When I decided to write this article I thought I would have more must-have WordPress plugins in the list. I quickly realized that it’s only three because one of them, which you will see below, offers so many features within just one plugin. It easily does the work of 20 other plugins.
The list of plugins is in no particular order. I’m not sure I could rank these from 1-3 if I wanted to. Each one does what it does well.
All of these plugins are ones that I install on every single site I build or manage, including this one of course.
Without further ado, the list.
I know some people hate this WordPress plugin, or they want to love it but just can’t, but it’s one I find essential. I admit, it can add some overhead to your site, however it’s a very feature rich plugin.
There are some features of Jetpack that I can’t live without, so it’s one of the first plugins I install on any site I build.
My favorite features with Jetpack, in no particular order, are:
Contact Form – It’s simple, effective, and way less bloated than so many other contact form plugins out there.
Publicize – It’s easy to share articles across major social networks with this. There are some features I would love to see added, but it’s still a solid add-on.
Sharing – Another simple and effective add-on to let readers share your articles on social media sites.
Site Stats – I do use Google Analytics, but I also use these stats. I like that they are simplified, which are perfect for seeing things at a glance from the dashboard.
Spelling and Grammar – I write my articles and content inside WordPress, instead of in a text editor. So, I need to make sure that I don’t have typos, and that my grammar is at least acceptable. I have tried a few other plugins for this duty, but I found them to have too much overhead, were buggy and unreliable.
Widget Visibility – I don’t use this feature a ton, but it works great, and it only takes a few seconds to configure, unlike some others I have tried in the past.
Brute Force Protection – You can easily protect your site by turning this on. It’s a great way to keep your account(s) safe. Don’t mistake this for a firewall though. I’ve got you covered on that below though.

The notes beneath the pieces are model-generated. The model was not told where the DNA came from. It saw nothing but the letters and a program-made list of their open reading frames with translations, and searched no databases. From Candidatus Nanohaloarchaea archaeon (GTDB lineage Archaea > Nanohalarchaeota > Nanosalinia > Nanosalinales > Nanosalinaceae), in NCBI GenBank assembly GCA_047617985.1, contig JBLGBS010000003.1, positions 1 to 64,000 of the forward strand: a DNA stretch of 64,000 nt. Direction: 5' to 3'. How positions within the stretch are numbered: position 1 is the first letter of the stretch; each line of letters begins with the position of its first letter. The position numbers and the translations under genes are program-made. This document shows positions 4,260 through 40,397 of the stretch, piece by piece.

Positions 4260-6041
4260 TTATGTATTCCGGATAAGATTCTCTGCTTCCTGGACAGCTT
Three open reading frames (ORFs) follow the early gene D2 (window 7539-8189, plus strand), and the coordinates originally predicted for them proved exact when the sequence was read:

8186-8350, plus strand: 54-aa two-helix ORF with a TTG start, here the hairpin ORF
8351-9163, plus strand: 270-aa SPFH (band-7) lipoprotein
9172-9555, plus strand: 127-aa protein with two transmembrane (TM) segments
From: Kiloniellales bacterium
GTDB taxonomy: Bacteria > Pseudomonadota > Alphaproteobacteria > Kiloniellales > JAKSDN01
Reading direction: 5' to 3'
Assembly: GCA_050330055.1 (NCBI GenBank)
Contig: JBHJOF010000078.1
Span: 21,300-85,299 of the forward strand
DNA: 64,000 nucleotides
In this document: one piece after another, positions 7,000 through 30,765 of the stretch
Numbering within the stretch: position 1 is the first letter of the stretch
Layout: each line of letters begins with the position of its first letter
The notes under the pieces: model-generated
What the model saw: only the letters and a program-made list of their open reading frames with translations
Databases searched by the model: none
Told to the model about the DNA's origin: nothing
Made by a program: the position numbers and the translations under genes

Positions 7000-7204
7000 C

Lazy Loading – A newer feature with Jetpack is the ability to lazy load images. Nothing wrong with saving load time!
W3 Total Cache
Why wouldn’t you want a faster loading site, seriously?
W3 Total Cache can be a headache at times, no lie. The first time you get this plugin installed, there’s some hurdles you may find yourself dealing with as you try to fine tune everything. However, once you have it configured then there’s really nothing left to do but let it work its magic.
If you’re looking for a quick setup guide for W3, then take a look at this video from wpbeginner.
This is easily the best SEO plugin I’ve used, and I won’t use another one.
Yoast SEO gives you control of everything you need, and you can adjust anything to suit your needs for a particular site. I have seen my sites gain a tremendous increase in search engine traffic because of this WordPress plugin.
It’s not that it will do the work for you, but it will tell you what work you need to do. You can let Yoast SEO handle everything automatically, but if you want a real boost then you have to get in there and do the grunt work yourself.
I do have a much more in depth review of Yoast SEO as well.
Wordfence is a firewall for WordPress. It has a great many features, but top among them is:
- Site scanning for malware
- Brute force protection
- IP blocking
- General site security
Wordfence has been around for a very long time, and it’s the #1 firewall for WordPress for good reason.
I wish I could say that you don’t need a firewall for your site, but the reality is you do. I’ve used Wordfence for years and it’s been great. I can’t tell you how many times it’s saved my butt from hacks and exploits – seriously.
Don’t look for other firewalls because none compare to Wordfence.
If you’re not familiar with AMP, it’s a technology push by Google to deliver faster content to mobile users.
Basically, AMP takes your article and trims out all the extra stuff, leaving basically text and images. Google then saves that version on their servers to deliver is quickly to people performing mobile searches.
Mobile searches are on the rise. In fact, 58% of all searches on Google are done on mobile devices. So, you can see why Google is pushing this AMP framework of theirs.
Natively, WordPress doesn’t do anything for AMP. However, Automattic (creators of WordPress) has put out a plugin that’s really simple to use and it will create AMP versions of your articles, and even pages if you want.
This is the only AMP plugin I’ve used. It’s by the people responsible for WordPress, it’s easy to use, and I’ve never had a reason to try another.
There are many other plugins I routinely use, but those really are the ones that I install on every site.
Also, if you’re new to WordPress and looking for even more advice then check out my beginner’s tips.
What’s on your list of must-have plugins?